Cannabis and Hearing Care: Hearing Loss and Tinnitus
No abstract available
Conclusion: Vestibulocochlear symptoms such as SNHL, recurrent paroxysmal vertigo, or typewriter tinnitus can be precipitated from a neurovascular compression of the vestibulocochlear nerve by VBD. Because proper medical or surgical treatments may stop the disease progression or improve audio-vestibular symptoms in subjects with VBD, a high index of suspicion and meticulous radiologic evaluation are needed when vestibulocochlear symptoms are not otherwise explainable, and if VBD is confirmed to cause audiovestibular manifestation, a thorough oto-neurotologic evaluation should be performed before initial treatment. PMID...
Vestibular schwannomas (VSs) are benign tumors composed of differentiated neoplastic Schwann cells. They can be classified into two groups: sporadic VS and those associated with neurofibromatosis type 2 (NF2). VSs usually grow slowly, initially causing unilateral sensorineural hearing loss (HL) and tinnitus. These tumors cause HL both due to compression of the auditory nerve or the labyrinthine artery and due to the secretion of different substances potentially toxic to the inner ear or the cochlear nerve. As more and more patients are diagnosed and need to be managed, we are more than ever in need of searching for biomark...
CONCLUSIONS: While both sound types had a positive impact on many dimensions of tinnitus, only the broadband noise was associated with a reduction in blood pressure. These results are consistent with a complex interaction between sound and tinnitus and suggest a multifactorial basis to sound therapy that includes a reduction in arousal. PMID: 31519289 [PubMed - in process]
COBALT BLUE (cobalt [II] aluminate [CoAl2O4]) has been used by painters, including Van Gogh, Gauguin, Monet, and Renoir, since the early part of the 19th century when it was developed as a less-expensive alternative to lapis lazuli- and ultramarine-based pigments. Accidental ingestion or inhalation of the cobalt blue pigment during its preparation by artists occasionally resulted in cobalt toxicity, a syndrome characterized by dilated cardiomyopathy, vision or hearing deficits, tinnitus, optic nerve atrophy, seizures, polyneuropathy, cognitive dysfunction, and hypothyroidism.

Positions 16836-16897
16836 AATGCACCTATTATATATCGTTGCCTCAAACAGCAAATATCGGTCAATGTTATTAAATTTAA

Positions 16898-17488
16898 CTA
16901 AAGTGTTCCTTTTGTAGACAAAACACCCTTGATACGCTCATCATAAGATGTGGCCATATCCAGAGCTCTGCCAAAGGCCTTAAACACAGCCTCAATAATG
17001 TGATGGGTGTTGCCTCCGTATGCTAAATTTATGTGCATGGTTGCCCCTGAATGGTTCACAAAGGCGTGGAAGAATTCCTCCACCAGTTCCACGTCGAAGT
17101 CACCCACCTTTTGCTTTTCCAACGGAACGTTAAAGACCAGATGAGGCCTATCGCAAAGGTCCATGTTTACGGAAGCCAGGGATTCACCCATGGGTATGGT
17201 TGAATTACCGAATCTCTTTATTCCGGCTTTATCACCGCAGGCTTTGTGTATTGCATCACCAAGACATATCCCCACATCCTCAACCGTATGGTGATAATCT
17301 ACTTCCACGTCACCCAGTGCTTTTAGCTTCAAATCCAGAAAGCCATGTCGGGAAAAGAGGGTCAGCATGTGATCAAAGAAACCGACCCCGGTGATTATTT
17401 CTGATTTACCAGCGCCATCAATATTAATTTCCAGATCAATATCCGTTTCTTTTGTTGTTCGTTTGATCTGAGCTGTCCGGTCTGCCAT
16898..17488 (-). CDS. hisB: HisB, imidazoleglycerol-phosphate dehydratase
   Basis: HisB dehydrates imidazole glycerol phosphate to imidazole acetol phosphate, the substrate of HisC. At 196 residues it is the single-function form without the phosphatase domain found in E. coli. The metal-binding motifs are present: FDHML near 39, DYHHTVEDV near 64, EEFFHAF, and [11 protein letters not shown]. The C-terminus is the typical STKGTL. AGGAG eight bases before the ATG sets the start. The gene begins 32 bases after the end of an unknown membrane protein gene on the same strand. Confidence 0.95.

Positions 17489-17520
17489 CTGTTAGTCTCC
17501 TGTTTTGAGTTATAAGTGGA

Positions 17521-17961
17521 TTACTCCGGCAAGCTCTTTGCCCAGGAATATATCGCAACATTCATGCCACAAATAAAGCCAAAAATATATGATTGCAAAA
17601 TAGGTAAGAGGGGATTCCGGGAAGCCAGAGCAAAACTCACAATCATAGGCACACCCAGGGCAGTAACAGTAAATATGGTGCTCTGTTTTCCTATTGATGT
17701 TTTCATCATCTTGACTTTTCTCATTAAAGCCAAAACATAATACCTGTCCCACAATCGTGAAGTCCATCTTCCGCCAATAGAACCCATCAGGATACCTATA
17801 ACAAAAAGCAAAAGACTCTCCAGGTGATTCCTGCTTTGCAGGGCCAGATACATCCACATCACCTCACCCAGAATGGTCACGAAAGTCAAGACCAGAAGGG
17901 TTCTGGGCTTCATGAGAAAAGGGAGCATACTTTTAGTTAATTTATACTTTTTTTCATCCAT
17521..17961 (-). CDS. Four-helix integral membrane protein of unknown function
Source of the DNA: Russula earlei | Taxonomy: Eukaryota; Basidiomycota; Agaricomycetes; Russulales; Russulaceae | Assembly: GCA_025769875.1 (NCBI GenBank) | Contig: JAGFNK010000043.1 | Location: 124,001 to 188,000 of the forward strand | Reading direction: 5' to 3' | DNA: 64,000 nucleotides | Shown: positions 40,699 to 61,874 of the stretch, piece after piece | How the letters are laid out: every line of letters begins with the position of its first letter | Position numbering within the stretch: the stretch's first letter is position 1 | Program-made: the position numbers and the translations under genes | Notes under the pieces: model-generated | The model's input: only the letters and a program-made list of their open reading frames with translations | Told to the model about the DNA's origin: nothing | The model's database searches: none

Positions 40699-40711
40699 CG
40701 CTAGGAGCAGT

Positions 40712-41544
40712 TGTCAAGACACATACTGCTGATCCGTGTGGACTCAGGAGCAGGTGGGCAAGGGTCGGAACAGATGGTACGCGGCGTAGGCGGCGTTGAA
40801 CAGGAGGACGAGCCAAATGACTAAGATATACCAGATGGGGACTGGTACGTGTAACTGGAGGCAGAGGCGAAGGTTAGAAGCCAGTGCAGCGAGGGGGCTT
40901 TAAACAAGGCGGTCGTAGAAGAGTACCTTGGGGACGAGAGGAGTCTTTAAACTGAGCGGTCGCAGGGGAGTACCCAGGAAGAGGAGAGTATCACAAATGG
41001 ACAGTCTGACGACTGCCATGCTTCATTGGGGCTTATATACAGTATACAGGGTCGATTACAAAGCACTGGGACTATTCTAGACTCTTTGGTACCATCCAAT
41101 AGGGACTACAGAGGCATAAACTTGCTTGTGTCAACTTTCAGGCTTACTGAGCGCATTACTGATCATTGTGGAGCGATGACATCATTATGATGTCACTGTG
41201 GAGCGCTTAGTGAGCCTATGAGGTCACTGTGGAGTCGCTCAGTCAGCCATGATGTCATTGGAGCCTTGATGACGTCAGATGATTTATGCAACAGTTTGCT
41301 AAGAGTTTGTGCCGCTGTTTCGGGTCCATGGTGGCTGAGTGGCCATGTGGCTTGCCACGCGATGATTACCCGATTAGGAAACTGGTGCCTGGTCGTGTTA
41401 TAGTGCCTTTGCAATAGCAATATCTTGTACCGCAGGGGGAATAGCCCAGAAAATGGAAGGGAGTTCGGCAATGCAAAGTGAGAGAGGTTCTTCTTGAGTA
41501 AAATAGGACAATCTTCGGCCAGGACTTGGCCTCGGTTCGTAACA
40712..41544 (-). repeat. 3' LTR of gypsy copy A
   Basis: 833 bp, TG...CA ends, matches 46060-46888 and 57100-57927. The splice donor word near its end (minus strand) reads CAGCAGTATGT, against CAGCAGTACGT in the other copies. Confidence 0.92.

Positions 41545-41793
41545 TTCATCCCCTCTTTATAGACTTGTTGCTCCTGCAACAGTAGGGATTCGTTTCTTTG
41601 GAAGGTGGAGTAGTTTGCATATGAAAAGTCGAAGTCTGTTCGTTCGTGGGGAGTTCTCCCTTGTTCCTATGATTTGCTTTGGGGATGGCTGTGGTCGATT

ConclusionTwenty ‐one studies were included. Studies were often of low quality due to low sample sizes, lack of controlled designs, or investigating tinnitus as a secondary indication of neuromodulation. Current research results provide insufficient evidence to generally recommend invasive neuromodulation as an al ternative treatment alternative for intractable tinnitus, although some promising effects are mentioned. Further research must be encouraged to gain more insight in this treatment including optimization of the technique, and standardization of tinnitus evaluation in subgroups.
Conclusion: Patients affected by ISSHL with associated vertigo show a higher likelihood of having a positive MR imaging, which, in turn, seems to predict an unfavorable outcome.
Conclusions: Transvenous stent-assisted coil embolization for dehiscent HJB with tinnitus and contralateral hypoplastic transverse or sigmoid venous sinus could be a technically safe and clinically effective treatment strategy while preserving cranial venous drainage.
Conclusions: The current study was the first to explore ERPs as objective measure in a study with HD-tDCS in tinnitus patients. Adding ERPs to the outcome measures in tinnitus research may lead to a better understanding of the therapeutic effect in the future. The results showed a shortening of ERP latencies and an increased N2 amplitude, possibly reflecting more effective sound processing with higher recruitment of synchronized neurons in the auditory cortex. Future studies should elaborate on these results, by collecting control data and adding a sham group, to provide a better insight in the underlying mechanism of th...
Conclusions: The current study successfully employed the RBANS-H to provide a broader view on cognitive functioning in tinnitus patients. The results showed a specific negative influence of tinnitus on verbal fluency, which could be related to a deficit in executive cognitive control. Moreover, patients experiencing louder tinnitus performed worse on specific subtests concerning attention.
Conclusion: Subjective hearing loss was not found to be associated with significantly different dementia neuropathology, which counters hypotheses on hearing loss causing permanent neurodegeneration and cognitive decline. Hearing aid users were found to have a lower prevalence of dementia for similar levels of neurodegeneration, suggesting a potential neuroprotective effect of hearing aids.